A few days ago a friend I haven’t talked to in a while asked me a question no one dared to ask me six months ago, before I started my food plan. “What’s your current weight?” she asked.
I glumly responded, “I’ve been at a plateau for four weeks. I’m stuck at two hundred.”
“Wait till you reach Wonderland,” I thought she said.
I didn’t respond at first, and then it hit me what she actually said: “Wait till you reach One-derland.”
Oh, how clever! I’ll have to use that in my blog, if I ever do reach One-derland. I had started to doubt it, after four weeks of staying the same.
Plateaus are common in weight-loss programs. The body reaches a stage where it thinks it’s starving, and it calls out all its forces to hold onto the fat it still has stored. We who want to lose weight can’t let those plateaus bother us, though. We must keep pursuing our weight-loss goals and stay on track. Most failed dieters gave up when they saw the scale not moving for a while, but when we give up, the scale starts moving up. When we give up, we lapse into old habits. We add a little more food to our plates (remember, the body thinks it’s starving, even though the mirror proves it’s not so). We may say we’ll get back on the plan tomorrow or we come up with some other excuse, and soon the weight adds up.
I held to my belief that the plateau of 200 pounds was temporary, even as the days and weeks passed, and even yesterday, my weight still held at 200. I’ve said I would report my progress every Monday, but yesterday I took a friend in for oral surgery and then took her to my house so she would not be alone while she recovered from the anesthetic. As a result I never had time to write a blog entry yesterday. Somewhere in the back of my passive-aggressive mind, I was thinking that maybe if I waited one more day, that dial on the scale would finally go down a notch. I knew it was tottering on the edge, slightly less than 200, but not a full pound less, yet.
It worked! This morning I entered One-derland! The scale finally read 199. I decided that I created this blog, created my own food plan, and made my own promise to write at least once a week, so I am in control of everything related to my food plan and blog. I gave myself permission to fudge (Whoops! Maybe I should use a less-fattening word!) and report my weight today, Tuesday, instead of yesterday, when today is such a milestone day. I’m in One-derland! Hooray!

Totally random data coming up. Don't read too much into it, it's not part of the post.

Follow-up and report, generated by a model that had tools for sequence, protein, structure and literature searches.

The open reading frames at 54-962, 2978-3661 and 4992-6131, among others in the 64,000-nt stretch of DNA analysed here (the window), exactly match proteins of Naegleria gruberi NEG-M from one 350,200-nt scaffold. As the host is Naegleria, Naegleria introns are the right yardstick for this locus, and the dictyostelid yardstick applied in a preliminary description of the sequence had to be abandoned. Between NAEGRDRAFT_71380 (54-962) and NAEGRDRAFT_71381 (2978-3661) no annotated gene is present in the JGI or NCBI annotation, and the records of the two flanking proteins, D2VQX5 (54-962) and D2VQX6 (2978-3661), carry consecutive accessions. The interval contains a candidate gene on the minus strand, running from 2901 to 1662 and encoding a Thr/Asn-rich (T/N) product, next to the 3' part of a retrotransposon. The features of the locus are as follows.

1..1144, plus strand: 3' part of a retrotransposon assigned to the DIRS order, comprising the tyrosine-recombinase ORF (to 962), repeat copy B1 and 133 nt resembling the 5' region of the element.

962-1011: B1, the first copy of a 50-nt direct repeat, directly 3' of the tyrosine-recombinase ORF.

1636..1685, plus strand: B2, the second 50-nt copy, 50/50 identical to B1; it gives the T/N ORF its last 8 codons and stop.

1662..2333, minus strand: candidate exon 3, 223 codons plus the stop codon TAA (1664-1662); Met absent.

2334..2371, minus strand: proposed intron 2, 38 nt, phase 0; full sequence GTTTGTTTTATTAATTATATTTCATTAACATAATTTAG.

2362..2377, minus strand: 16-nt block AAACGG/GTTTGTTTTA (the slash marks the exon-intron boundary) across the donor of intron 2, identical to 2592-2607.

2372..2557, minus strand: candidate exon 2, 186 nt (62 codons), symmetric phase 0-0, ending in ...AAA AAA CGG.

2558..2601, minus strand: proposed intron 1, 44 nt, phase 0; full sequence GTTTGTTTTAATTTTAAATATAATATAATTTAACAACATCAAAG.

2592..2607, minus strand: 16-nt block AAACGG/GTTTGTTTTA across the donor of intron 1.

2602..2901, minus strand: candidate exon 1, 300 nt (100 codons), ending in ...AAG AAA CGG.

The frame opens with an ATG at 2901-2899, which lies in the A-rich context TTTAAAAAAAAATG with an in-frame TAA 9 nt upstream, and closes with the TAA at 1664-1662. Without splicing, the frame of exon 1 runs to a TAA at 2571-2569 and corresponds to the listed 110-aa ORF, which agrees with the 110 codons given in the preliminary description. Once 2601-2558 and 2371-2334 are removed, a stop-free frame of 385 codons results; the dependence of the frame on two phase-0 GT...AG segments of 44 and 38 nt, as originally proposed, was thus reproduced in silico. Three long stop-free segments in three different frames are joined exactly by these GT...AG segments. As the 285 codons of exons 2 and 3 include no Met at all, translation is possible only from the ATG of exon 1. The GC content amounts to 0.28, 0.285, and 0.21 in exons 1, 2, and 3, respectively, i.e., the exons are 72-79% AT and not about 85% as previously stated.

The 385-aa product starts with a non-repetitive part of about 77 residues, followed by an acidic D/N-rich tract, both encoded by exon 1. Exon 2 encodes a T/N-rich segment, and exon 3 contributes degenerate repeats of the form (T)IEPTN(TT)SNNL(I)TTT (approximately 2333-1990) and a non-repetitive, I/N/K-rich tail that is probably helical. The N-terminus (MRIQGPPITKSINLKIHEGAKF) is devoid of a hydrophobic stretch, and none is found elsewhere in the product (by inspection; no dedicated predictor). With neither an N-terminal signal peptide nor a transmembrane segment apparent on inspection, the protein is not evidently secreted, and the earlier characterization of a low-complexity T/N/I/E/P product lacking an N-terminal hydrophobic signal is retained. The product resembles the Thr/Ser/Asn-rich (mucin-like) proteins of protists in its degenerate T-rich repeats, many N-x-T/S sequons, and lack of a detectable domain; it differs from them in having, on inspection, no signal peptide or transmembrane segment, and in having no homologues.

Oh, before I end this blog entry, let me tell you a tale that could have ended in dining disaster. Sunday I made a big dessert to take to a friend’s party. Outside, a light snow was falling, but I didn’t let it concern me. It was melting when it hit the streets, so I didn’t worry about it. Note that I live in Georgia, where we have no ability to clear the streets of snow, so I’m a wuss about driving in ice and snow. In addition, I live at a higher elevation than almost all my friends, so the weather in my area tends to be a little harsher than the weather at lower elevations. Nevertheless, I felt eager to see my friends, many of whom had been following my blog and congratulating me on my weight loss, so I got dressed and ready to go. I put the dessert in the car, and only then did I notice the snow had started sticking to my driveway.
Yikes! I have the world’s steepest driveway, and when it ices over, there’s no traveling up or down it safely. Dare I leave the house to attend a party for a few hours, knowing that while I was gone my driveway, and indeed my whole county, might become impassable? Would I enjoy the party, knowing that I might have trouble getting home? Is any party worth risking life and limb, not to mention automobile?
Reluctantly I decided not to leave, not to join my friends, and I called the host with my apologies. Thankfully he had made a fruit salad, so the partiers didn’t suffer for dessert. I would have loved that fruit salad too, I’m sure.
Next problem: what should I do with my giant éclair dessert? If I kept it, I would be tempted to chow down on it, and the recipe serves twenty people—or one very hungry, overweight person! The solution hit me while I walked the dog through the snow flurries. My next-door-neighbor works in a busy veterinarian’s office. She could take the dessert to work the next day and serve it to coworkers and clients, and I wouldn’t be tempted any longer. When I offered it to her, she gladly accepted, and I felt five pounds lighter, simply getting it out of my house and in her hands.
Okay, on another subject, now that I’m at 199 on December 14, I may have to re-evaluate my mini goal, although I won’t change it just yet. A while back I set a mini goal of weighing 200 by New Year’s Eve, but I hit 200 earlier than I expected, so I reset the mini goal to weigh 195 by New Year’s Eve. Immediately after setting my new mini goal, I waltzed into a four-week plateau wherein I didn’t lose a single pound. Now, finally, I’ve seen a breakthrough to 199, but I have only two and a half weeks until New Year’s, so I may not meet my mini goal of 195 by then. Instead, I’ll rest on my laurels for having met my first mini goal so much earlier than expected. See? I make all the rules, so I can change them whenever I feel like it! Who can challenge me?
Starting weight: 245
Weight last week: 200
Goal weight for this week: 199
Actual weight this week: 199
Total pounds lost: 46
Goal weight for next week: 198
Goal weight: 150
Mini goal: 195 by New Year’s Eve (former mini goal of weighing 200 by New Year’s Eve was met early, so I set a new mini goal, also subject to change, now!)